This week, the city of Orlando swapped out its Mickey Mouse ears for blazers and name cards, as the 2018 NMHC Annual Meeting took on Florida to discuss the state of the apartment industry, and the outlook for the upcoming year.

While the conference’s topics ranged from hot & cold markets, to the overall stabilization of the apartment market as a whole, one topic dominated much of the chatter throughout Orlando: Change. A change in demographics. A change in technology. A change in design.

A change in approach.

Experts in the field made it clear that the players in the industry must buckle-in as these coming years will arrive fast, bringing with them unprecedented changes to the way properties are managed, built and lived-in. 

We examine a few key takeaways from the week that was:

1.) A divergence in demographics

In a study commissioned by NMHC and conducted by Beck Research, the 2018 Consumer Housing Insights Survey found that the U.S. rental market is undergoing a shift in its target market. What once was dominated by the under-34’s seeking one-bedroom apartments, is starting now to see a change in demand. Owning a 47% slice of the rental market in the 90’s, the former near-majority stakeholder is projected to dip under a 35% portion of the market by the end of the coming decade, according to Current Population Survey microdata from the Joint Center for Housing Studies.

With this in mind, developers & property managers will need to refocus traditional processes to cater to the needs of a wider, more diverse audience.

2.) Unrestrained accessibility and the importance of mobile apartment management

According to industry forecasts, 90% of the U.S. population will connect to the grid via smartphones by 2023, and with that, they expect companies - and their buildings - to meet them wherever, whenever, and however their evolving tastes are accustomed.

That means remaining nimble and digitally connected with residents will only grow in importance, according to Robert Lathan of the Cornell Real Estate Review. “If the current trends are any indication of the future, it’s clear that the service offerings of connectivity and flexibility through technology will continue to develop.”

3.) The rise of the lifestyle-focused apartment

The 2018 Consumer Housing Insights Survey affirmed the core benefits of rental apartments remain “convenience, flexibility and the ability to move. Rental apartments are a space that evolves with different stages of your life.”

This week, the National Multifamily Housing Council presented its 2018 report on the industry, aptly named 

DISRUPTION: HOW DEMOGRAPHICS, PSYCHOGRAPHICS AND TECHNOLOGY ARE BRINGING MULTIFAMILY TO THE BRINK OF A DESIGN REVOLUTION. Within the report, surveyors found that 92% of respondents agreed convenience was important to them. Furthermore, nearly two-thirds agreed that “My life is so hectic that I look for ways to make it easier for me.”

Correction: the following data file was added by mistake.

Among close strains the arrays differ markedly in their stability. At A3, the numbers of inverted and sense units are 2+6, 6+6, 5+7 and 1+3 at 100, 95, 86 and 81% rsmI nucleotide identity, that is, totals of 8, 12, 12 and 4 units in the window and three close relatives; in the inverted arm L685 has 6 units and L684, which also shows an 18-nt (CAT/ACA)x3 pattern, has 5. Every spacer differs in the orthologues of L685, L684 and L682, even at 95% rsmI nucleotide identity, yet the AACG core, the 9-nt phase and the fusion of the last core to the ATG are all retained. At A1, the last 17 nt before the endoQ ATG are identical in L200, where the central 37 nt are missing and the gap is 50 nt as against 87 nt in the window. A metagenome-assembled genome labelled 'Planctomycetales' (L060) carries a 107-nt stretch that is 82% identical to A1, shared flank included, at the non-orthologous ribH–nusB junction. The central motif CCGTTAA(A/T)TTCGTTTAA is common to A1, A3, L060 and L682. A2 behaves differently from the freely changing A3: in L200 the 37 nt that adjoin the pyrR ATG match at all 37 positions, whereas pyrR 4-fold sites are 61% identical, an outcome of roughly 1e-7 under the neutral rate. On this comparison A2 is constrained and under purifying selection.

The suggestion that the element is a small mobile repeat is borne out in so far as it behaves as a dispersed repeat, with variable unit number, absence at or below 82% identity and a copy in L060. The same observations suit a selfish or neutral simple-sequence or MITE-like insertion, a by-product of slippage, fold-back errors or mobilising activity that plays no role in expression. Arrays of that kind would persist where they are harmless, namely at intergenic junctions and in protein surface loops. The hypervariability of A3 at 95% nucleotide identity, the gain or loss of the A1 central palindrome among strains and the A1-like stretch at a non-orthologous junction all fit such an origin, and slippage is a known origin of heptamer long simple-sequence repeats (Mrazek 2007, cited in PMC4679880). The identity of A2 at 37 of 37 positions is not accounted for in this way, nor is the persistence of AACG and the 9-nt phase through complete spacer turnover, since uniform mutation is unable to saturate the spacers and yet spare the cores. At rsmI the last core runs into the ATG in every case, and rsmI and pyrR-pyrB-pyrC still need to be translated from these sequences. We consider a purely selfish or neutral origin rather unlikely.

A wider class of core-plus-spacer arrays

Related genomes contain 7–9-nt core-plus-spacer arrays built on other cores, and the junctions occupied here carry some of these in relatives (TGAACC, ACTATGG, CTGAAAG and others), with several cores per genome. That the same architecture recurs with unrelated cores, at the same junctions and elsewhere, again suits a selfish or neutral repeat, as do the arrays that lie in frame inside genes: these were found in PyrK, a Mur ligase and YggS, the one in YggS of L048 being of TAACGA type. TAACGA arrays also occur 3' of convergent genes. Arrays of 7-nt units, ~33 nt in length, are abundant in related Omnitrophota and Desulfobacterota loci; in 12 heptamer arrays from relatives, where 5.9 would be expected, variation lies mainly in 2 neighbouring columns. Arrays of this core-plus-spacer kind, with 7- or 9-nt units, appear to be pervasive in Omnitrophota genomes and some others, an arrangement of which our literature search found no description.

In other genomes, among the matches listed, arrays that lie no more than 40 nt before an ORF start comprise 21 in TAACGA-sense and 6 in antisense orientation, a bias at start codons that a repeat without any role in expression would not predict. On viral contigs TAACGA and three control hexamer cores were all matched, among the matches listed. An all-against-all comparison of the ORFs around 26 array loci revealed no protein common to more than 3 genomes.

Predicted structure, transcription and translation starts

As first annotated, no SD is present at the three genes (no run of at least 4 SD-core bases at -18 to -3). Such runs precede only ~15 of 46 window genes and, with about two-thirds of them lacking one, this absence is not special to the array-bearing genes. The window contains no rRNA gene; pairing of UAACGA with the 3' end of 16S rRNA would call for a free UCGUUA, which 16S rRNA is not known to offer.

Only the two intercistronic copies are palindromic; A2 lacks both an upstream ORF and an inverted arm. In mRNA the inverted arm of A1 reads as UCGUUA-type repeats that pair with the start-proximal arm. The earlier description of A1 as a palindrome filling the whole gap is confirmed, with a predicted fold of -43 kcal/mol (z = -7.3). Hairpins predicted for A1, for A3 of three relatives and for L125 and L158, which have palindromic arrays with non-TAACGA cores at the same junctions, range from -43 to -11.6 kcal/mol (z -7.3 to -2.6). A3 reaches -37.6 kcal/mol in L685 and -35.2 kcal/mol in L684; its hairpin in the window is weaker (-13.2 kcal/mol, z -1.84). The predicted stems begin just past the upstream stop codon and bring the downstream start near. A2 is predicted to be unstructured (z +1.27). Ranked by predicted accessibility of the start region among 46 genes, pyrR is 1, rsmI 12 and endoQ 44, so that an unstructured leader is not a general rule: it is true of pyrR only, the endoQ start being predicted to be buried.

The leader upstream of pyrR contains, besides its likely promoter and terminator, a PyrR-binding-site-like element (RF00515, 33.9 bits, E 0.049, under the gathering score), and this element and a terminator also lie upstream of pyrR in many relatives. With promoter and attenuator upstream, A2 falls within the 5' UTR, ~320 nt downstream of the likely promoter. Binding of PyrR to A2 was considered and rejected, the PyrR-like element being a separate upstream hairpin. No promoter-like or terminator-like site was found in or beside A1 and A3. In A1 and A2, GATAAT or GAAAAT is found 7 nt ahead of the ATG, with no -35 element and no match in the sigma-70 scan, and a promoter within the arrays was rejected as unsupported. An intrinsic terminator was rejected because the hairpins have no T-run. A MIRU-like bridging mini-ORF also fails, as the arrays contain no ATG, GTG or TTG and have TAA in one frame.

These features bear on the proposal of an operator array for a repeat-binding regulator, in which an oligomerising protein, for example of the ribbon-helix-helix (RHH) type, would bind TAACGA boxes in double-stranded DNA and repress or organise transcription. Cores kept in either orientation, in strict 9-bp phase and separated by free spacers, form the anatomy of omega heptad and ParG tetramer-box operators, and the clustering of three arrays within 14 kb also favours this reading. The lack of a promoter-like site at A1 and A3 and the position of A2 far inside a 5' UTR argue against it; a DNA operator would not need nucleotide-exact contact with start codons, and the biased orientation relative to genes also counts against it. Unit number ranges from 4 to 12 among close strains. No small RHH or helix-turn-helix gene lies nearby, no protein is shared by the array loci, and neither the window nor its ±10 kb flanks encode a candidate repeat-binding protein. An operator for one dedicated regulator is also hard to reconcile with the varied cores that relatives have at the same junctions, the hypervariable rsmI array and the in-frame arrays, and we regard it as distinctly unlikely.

Catering to the lifestyle-driven needs of residents is currently a must for any multifamily community - and there’s no change in sight.

4.) A retail revolution

Coming as no surprise, retail - and its brisk evolution from shopping-mall-focus to online-demand - was another hot topic at the conference. 

“As exponential technologies and disruptive movements reshape all things shopping, brick-and-mortar retail’s dizzying free fall presents both challenges and opportunities for apartments,” read this week’s DISRUPTION study.

With the fall of traditional retail, embracing innovative ways to bring retail to residents, such as streamlined package handling/notifications, online marketplaces and pop-up shops will prove successful for forward-thinking apartment communities.

5.) Digitally connected. Rooted in community.

The phasing out of antiquated property management techniques and the rise of digital management shouldn’t be confused with turning a blind eye towards building community between residents and staff. Quite the contrary, in fact. 

The 2018 Consumer Housing Insights Survey found that millennials are becoming more social and more attached to urban centers, leading to an affinity for things such as listening to live music, and placing added value on face-to-face communication.

Property designers and building managers should cater to these desires, instead of breeding an insular culture.  “You see this in many new mixed-use developments, where there are public greens for farmers markets, outdoor exercise, movie nights, or spaces for pop-up stores and community gatherings. Creating a sense of greater community may be a meaningful point of differentiation valued by many renters,” says Karen Hollinger, vice president of corporate initiatives at AvalonBay Communities.

Key Takeaway

In summation of this week’s findings, NMHC’s Vice President for Industry Technology Initiatives Rick Haughey explains it best:

“The multifamily industry needs to catch up with the revolutions that are already well underway in everything from transportation and retail to demographics and psychographics,”

“With a population that is aging and growing more diverse, which is impacting household composition, now is the time for our industry to adapt and build to meet the needs of the future.”

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